Key takeaways

  • The COVID-19 pandemic has accelerated digital adoption in consumer banking.
  • Customers want remote access to their banks, but expect their experiences to be seamless — and human.
  • Technology (and tech companies) may pose the biggest threat to the high loyalty banks have built up with their customers.

Over the last year, the COVID-19 pandemic has brought unprecedented challenges to people’s daily ‘normal’. Customers embraced online grocery shopping and over-the-top entertainment as their ability to roam freely in the world was curtailed. Virtual and telehealth use skyrocketed and is expected to remain high post-vaccinations. Trust in government in Australia is higher than it’s been in years. 

But what about banking? We surveyed over 500 Australian individuals in February 2021 to find out how the COVID-19 pandemic had affected their banking experience. What we found is that customer expectations over where and how they bank are changing; while COVID-19 has fostered customer loyalty, the pandemic has accelerated digital adoption rates. As a result, technology is becoming key to keeping customers satisfied. 

Personal interactions go digital

The use of digital banking has risen with the pandemic, with close to a third of our survey respondents saying that they were using mobile banking apps more than before COVID-19 and a similar number using digital payment platforms, to a greater extent. Twenty-six percent are using recent-entrant ‘buy now, pay later’ services more than they did before. And even usage of ‘old school’ technology, such as email and chat via bank websites, is up for 21 percent.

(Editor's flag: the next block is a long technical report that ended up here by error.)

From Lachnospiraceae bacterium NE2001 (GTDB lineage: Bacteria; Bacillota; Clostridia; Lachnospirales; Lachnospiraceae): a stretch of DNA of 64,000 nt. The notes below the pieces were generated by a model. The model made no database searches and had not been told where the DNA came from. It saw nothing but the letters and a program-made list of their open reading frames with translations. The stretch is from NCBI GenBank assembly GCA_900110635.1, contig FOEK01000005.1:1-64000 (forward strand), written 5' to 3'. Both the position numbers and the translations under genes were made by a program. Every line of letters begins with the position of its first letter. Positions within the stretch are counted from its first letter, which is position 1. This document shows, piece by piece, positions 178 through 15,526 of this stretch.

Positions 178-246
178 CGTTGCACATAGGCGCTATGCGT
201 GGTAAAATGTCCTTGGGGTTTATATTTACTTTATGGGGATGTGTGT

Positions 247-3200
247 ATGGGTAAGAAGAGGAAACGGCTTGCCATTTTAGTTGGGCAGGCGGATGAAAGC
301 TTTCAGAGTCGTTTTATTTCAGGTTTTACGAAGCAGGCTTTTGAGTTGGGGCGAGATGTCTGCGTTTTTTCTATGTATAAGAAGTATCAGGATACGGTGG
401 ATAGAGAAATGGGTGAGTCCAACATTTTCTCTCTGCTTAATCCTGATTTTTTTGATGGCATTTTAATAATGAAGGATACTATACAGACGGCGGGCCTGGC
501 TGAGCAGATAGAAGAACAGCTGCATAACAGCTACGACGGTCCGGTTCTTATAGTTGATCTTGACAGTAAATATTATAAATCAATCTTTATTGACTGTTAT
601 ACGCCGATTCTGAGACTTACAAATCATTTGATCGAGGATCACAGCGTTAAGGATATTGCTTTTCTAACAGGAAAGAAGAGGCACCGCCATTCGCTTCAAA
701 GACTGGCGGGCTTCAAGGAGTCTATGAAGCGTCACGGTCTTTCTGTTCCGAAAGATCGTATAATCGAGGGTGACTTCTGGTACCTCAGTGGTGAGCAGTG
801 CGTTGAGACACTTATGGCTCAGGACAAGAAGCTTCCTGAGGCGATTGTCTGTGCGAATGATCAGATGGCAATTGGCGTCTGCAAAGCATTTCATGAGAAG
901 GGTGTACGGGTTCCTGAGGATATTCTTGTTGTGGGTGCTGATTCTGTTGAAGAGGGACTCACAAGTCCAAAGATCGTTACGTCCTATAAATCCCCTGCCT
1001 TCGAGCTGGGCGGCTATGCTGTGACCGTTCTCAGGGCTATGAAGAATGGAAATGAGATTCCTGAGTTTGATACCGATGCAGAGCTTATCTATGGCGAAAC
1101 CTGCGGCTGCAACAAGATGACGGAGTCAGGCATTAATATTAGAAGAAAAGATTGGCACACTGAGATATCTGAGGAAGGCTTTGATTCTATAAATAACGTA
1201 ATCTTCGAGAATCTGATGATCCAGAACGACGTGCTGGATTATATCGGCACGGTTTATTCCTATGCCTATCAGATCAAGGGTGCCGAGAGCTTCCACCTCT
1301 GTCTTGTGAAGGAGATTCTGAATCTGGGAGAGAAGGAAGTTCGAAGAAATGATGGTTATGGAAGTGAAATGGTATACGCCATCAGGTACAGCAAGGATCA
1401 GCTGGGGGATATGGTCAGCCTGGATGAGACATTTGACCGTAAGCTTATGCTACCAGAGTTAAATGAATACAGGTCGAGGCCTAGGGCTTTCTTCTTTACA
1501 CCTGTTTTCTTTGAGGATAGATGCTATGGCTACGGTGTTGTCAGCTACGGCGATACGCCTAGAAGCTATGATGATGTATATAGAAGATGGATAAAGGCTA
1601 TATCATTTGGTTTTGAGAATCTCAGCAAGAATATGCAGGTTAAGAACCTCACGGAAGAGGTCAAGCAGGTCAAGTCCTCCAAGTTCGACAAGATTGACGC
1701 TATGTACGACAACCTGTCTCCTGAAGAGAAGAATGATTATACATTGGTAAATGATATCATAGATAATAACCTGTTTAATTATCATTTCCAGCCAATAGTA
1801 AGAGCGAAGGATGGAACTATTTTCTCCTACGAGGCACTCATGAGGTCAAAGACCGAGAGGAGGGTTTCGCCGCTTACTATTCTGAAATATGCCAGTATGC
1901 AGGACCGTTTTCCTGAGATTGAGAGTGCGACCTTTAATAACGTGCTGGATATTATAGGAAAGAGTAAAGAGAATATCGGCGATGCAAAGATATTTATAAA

Advances in banking technology, much like in other industries, have elevated customer expectations around fast and seamless experiences. Within the context of open banking, there is an increasing importance on the advances technology is bringing to the banking customer, such as greater control of personal finances. For younger cohorts in particular, this aligns with a desire for easy mobile and web experiences, as well as speed and efficiency in transactions. Additionally, frustration is quick to escalate when an expectation divide leads to bumps in the road — and bad experiences aren’t easily forgotten.